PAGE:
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The Council On American-islamic Relations Calls On Biden And Congress To Support Local Law Enforcement On Hate Crimes

Yesterday, the FBI released its annual hate crime statistics report. The report documented more than 7,700 hate crime incidents last year, about 450 more than were reported in 2019. 2020 saw the highest number of reported hate crime incidents since 2008. The increase comes as even fewer law enforcement agencies reported hate crimes in their jurisdictions to the FBI than in prior years. Attacks targeting Black people rose to 2,755 from 1,930 last year, and attacks on Asian-Americans rose to 271 from 164. According to the report, 62 percent of victims were targeted because of their race or ethnicity, and 13 percent were targeted because of their religion.

Because law enforcement agencies are not required to submit their data to the FBI for its annual report, the recently released statistics are likely an undercount. More than 3,000 of the nation’s 18,000 law enforcement agencies did not submit their 2020 statistics to the FBI.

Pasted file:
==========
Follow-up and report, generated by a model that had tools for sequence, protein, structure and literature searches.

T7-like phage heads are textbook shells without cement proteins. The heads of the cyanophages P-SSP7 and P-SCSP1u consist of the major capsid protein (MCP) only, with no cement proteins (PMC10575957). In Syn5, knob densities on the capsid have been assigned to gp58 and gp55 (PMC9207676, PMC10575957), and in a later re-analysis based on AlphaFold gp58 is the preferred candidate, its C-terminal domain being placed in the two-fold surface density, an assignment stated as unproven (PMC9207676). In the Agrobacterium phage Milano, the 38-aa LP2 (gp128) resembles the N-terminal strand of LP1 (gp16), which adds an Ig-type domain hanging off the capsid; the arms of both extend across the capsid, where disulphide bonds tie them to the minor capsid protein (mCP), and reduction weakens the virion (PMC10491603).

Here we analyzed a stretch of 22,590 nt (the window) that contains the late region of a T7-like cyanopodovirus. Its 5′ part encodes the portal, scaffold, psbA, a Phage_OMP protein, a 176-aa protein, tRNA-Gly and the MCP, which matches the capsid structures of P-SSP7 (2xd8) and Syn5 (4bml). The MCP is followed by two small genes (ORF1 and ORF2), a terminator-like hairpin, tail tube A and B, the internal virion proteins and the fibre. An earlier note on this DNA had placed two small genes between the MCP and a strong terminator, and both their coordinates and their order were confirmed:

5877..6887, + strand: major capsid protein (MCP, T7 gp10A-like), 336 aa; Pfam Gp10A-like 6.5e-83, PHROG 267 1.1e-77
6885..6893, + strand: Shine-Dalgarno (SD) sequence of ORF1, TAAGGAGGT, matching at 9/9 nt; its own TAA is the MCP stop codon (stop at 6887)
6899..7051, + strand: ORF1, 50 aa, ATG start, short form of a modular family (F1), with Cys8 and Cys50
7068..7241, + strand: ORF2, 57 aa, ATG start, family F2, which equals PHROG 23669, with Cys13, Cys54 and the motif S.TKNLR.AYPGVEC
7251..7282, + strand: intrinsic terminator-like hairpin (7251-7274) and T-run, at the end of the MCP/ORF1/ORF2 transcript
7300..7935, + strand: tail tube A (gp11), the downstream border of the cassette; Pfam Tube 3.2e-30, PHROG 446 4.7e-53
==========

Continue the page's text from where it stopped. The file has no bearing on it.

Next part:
In a statement, CAIR (The Council on American-Islamic Relations) Government Affairs Director Robert McCaw said:

“The disturbing rise in hate crime incidents nationwide requires the attention and effort of all law enforcement agencies. The fact that the actual number of hate crime incidents is likely much higher than the statistics provided in Monday’s FBI report highlights the pressing need for communication and coordination between agencies.

“We call on Congress and the Biden administration to work together to require the federal government to condition any aid, grants, training, or other assistance to local law enforcement agencies on their agreement to submit regular and complete data regarding hate crime incidents targeting minority communities.

“This should help dramatically increase the number of law enforcement agencies that track and report data regarding these incidents, which is a crucial step toward combating the rising tide of hate and bigotry.”


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